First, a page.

From: Hemmings Motor NewsDate: December 1983Price then: $18,950 ($45,400 adjusted for inflation, about the cost…
eBay Find of the Week: 1986 Rolls-Royce Silver Spirit
Driving vintage cars allows us to experience automobiles that we couldn’t afford when new. Perhaps it was the sports car you always wanted in high school or something exotic on a dorm-room poster, but older luxury cars are another option.
One-time status symbols fade into used cars, then reach a vintage stage where they offer a new kind of experience for aficionados with budgets. Generally, sedans don’t appreciate to the same degree in old age as their coupe and convertible brethren, but they can still provide an experience once thought unattainable.
While you won’t be mistaken for billionaire driving a vintage Rolls relative to a new Phantom or Dawn, these still draw attention and could even provide fun wedding rentals on DriveShare. It would be a lot more fun to pull up to school drop-off in one instead of another nameless SUV.
This week’s eBay find is a great example of slightly faded status for a highly faded price. Just over three decades ago, this 1986 Rolls-Royce Silver Spirit would have cost its well-heeled owner just north of $100,000 (or about $225,000 today), but these days they can regularly be found for less than $20,000.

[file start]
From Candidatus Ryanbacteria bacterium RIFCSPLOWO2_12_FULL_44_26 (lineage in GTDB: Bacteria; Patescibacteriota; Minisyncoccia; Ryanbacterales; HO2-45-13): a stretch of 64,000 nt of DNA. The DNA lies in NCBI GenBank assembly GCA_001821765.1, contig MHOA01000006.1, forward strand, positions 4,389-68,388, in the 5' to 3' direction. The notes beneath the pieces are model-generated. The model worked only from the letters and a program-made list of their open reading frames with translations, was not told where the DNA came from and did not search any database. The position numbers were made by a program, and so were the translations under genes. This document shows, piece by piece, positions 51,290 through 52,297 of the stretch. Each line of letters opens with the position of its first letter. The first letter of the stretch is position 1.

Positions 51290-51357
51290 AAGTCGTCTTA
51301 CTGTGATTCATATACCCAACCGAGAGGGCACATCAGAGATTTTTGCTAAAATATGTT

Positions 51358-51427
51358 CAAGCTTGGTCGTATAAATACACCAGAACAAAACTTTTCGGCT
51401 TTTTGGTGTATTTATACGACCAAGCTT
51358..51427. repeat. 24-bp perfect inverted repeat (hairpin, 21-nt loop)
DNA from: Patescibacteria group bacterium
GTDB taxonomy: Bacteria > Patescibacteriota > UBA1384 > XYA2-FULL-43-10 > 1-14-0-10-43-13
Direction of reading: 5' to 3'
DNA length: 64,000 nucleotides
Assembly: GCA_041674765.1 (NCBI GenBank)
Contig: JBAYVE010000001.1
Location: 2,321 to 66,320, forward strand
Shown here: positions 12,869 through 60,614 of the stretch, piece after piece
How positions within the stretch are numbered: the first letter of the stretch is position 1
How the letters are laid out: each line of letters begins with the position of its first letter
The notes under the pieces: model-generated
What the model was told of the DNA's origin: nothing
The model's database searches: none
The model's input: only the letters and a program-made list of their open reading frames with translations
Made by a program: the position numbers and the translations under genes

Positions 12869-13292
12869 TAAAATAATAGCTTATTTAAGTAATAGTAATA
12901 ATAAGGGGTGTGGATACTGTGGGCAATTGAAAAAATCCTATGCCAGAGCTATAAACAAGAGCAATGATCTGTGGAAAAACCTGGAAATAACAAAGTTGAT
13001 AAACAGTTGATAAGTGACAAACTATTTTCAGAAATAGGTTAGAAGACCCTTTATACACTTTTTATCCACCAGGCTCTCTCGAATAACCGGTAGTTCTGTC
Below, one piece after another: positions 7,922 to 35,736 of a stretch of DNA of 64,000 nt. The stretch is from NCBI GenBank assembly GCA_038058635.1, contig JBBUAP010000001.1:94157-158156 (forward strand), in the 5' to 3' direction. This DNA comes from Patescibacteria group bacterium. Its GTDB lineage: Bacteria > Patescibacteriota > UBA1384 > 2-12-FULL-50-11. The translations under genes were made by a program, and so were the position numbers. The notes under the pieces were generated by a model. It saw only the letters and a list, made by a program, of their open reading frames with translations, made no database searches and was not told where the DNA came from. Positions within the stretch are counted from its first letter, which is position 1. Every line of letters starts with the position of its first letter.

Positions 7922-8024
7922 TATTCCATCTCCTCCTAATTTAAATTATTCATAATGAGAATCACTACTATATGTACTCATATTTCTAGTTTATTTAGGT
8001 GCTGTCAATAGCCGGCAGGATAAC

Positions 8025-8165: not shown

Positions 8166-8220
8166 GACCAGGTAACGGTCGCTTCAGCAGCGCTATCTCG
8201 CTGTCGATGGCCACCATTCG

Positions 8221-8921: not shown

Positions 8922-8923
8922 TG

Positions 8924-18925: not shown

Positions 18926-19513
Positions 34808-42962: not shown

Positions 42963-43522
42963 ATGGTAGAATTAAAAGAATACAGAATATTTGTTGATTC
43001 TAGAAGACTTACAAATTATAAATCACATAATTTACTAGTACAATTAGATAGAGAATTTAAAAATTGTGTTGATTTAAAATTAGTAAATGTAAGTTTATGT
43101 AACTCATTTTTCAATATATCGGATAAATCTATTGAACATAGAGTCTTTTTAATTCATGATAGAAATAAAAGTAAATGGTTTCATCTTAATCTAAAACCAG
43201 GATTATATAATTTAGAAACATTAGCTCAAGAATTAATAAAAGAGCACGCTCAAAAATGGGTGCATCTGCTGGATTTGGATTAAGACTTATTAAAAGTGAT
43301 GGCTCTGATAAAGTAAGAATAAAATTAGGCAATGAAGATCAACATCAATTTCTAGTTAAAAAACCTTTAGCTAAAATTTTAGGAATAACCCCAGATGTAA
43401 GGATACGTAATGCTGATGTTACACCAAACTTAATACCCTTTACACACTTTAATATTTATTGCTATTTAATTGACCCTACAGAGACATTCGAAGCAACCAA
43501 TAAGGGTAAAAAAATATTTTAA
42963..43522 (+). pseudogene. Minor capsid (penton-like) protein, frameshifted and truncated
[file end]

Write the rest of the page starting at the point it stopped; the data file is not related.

Of course, when it comes to a car of this complexity, the entry price is likely just the beginning of your ownership expenses. The 6.7-liter V-8 and three-speed Hydramatic transmission are certainly under-stressed and robust, serving up “adequate” levels of propulsion on a silver platter. Fuel economy may be a bit more stressful on your wallet. Rear self-leveling suspensions are said to be similarly robust, but if they fail they’re frighteningly pricey to make right. Reconditioning worn bodywork and that over-the-top leather-clad interior could easily exceed the entry price. So buy the best you can find. A thorough inspection and maintenance records are critical.
The opportunity to take the helm of one of Crewe’s finest is pretty tempting, and if you need a good rationalization, try this: Although mechanical repairs won’t be cheap, they’re certainly less painful than the depreciation that comes with buying a new one.